TRIO 3 (Monday) This avant-garde supergroup, with Oliver Lake on alto saxophone, Reggie Workman on bass and Andrew Cyrille on drums, has been working on and off together for 20 years. Capable of tenderness as well as of turbulence, it’s a collective entity that explores every available option in the course of a performance — even, one hopes, a free performance in a bookstore. At 6 p.m., Barnes & Noble, 1972 Broadway, at 66th Street , (212) 595-6859; free. (Chinen)

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Jazz Listings From The New York Times

Paal Nilssen-Love
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From the Times:

AB BAARS TRIO WITH KEN VANDERMARK (Sunday) Ab Baars, a saxophonist and clarinetist prominent on the robust Dutch jazz scene, has a new album, “Goofy June Bug” (Wig 15), featuring this trio — with Wilbert de Joode on bass and Martin van Duynhoven on drums — along with Mr. Vandermark, a Chicago multireedist. The same coterie arrives here after more than two weeks on the road, which ensures only the most cohesive brand of mayhem. At 7 p.m., Joe’s Pub, at the Public Theater, 425 Lafayette Street, at Astor Place, East Village, (212) 598-7100,; cover, $20, with a two-drink minimum. (Chinen)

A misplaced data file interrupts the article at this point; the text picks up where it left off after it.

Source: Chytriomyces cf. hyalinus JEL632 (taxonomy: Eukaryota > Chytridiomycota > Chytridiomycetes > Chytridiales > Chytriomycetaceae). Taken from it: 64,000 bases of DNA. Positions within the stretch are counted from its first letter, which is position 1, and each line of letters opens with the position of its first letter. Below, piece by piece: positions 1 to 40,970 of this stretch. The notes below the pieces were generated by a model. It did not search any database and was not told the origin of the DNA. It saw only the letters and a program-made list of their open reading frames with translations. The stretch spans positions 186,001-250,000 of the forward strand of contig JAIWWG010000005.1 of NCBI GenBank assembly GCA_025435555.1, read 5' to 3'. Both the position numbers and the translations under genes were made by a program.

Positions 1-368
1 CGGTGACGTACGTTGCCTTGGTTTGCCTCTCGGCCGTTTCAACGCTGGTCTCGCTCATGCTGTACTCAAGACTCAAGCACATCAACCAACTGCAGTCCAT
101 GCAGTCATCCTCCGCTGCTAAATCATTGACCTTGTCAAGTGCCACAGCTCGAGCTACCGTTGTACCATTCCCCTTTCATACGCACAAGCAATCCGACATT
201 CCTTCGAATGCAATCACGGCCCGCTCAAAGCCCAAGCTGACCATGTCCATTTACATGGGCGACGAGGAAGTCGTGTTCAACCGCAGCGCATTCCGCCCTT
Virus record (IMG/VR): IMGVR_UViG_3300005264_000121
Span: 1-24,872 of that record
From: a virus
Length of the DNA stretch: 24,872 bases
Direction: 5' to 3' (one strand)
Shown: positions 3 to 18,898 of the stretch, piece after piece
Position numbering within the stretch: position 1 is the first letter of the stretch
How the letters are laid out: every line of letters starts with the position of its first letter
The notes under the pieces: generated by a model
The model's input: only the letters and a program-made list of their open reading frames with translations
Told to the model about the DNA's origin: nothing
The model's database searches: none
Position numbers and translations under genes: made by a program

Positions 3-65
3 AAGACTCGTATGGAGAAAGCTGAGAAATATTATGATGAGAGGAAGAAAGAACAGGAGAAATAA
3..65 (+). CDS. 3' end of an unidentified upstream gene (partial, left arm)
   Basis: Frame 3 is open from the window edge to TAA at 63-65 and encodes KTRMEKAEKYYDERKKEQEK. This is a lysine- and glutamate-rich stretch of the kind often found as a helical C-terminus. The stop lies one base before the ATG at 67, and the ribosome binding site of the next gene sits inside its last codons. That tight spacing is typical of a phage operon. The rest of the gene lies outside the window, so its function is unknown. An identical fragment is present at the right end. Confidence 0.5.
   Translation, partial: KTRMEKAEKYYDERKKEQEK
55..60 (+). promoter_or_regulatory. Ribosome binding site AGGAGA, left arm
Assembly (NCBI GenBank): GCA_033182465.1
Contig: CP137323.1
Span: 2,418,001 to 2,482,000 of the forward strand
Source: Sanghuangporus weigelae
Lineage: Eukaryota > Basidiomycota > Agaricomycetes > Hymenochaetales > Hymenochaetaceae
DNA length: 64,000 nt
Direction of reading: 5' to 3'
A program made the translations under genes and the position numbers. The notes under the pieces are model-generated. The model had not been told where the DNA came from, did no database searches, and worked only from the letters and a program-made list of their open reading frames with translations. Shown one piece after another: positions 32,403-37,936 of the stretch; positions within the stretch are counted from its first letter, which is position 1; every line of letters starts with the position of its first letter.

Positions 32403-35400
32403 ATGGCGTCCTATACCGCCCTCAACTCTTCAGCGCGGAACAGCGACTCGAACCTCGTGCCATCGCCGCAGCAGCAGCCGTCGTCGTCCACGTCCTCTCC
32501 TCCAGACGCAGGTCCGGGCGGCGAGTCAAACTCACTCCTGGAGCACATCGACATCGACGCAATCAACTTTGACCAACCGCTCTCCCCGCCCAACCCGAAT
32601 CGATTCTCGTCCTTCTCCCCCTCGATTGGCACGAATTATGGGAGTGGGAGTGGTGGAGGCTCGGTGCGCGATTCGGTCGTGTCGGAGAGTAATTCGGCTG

ESP-DISK LIVE (Tuesday) ESP-Disk, an important avant-garde label of the 1960s, recently resumed production, selling its visionary catalog through retailers and online at This showcase begins with a set by the percussionist Paul Thornton (at 10 p.m.), and continues with a performance by the Ras Ensemble, a chamberlike group led by the saxophonist Ras Moshe (at 11). Bowery Poetry Club, 308 Bowery Street, near Bleecker Street, East Village, (212) 614-0505,; $10. (Chinen)

PAUL MOTIAN OCTET + 1 (Friday through Sunday) A luminous and mysterious post-bop ensemble that consists of two contrasting pairs of improvisers (the saxophonists Chris Cheek and Bill McHenry, and the guitarists Steve Cardenas and Tim Miller); a couple of welcome stabilizers (Jerome Harris and Thomas Morgan, both bassists); a pair of wild cards (the violist Mat Maneri and the pianist Jacob Sacks); and a wily mastermind (Mr. Motian, on drums). At 9 and 11 p.m., Village Vanguard, 178 Seventh Avenue South, at 11th Street, West Village. (Chinen)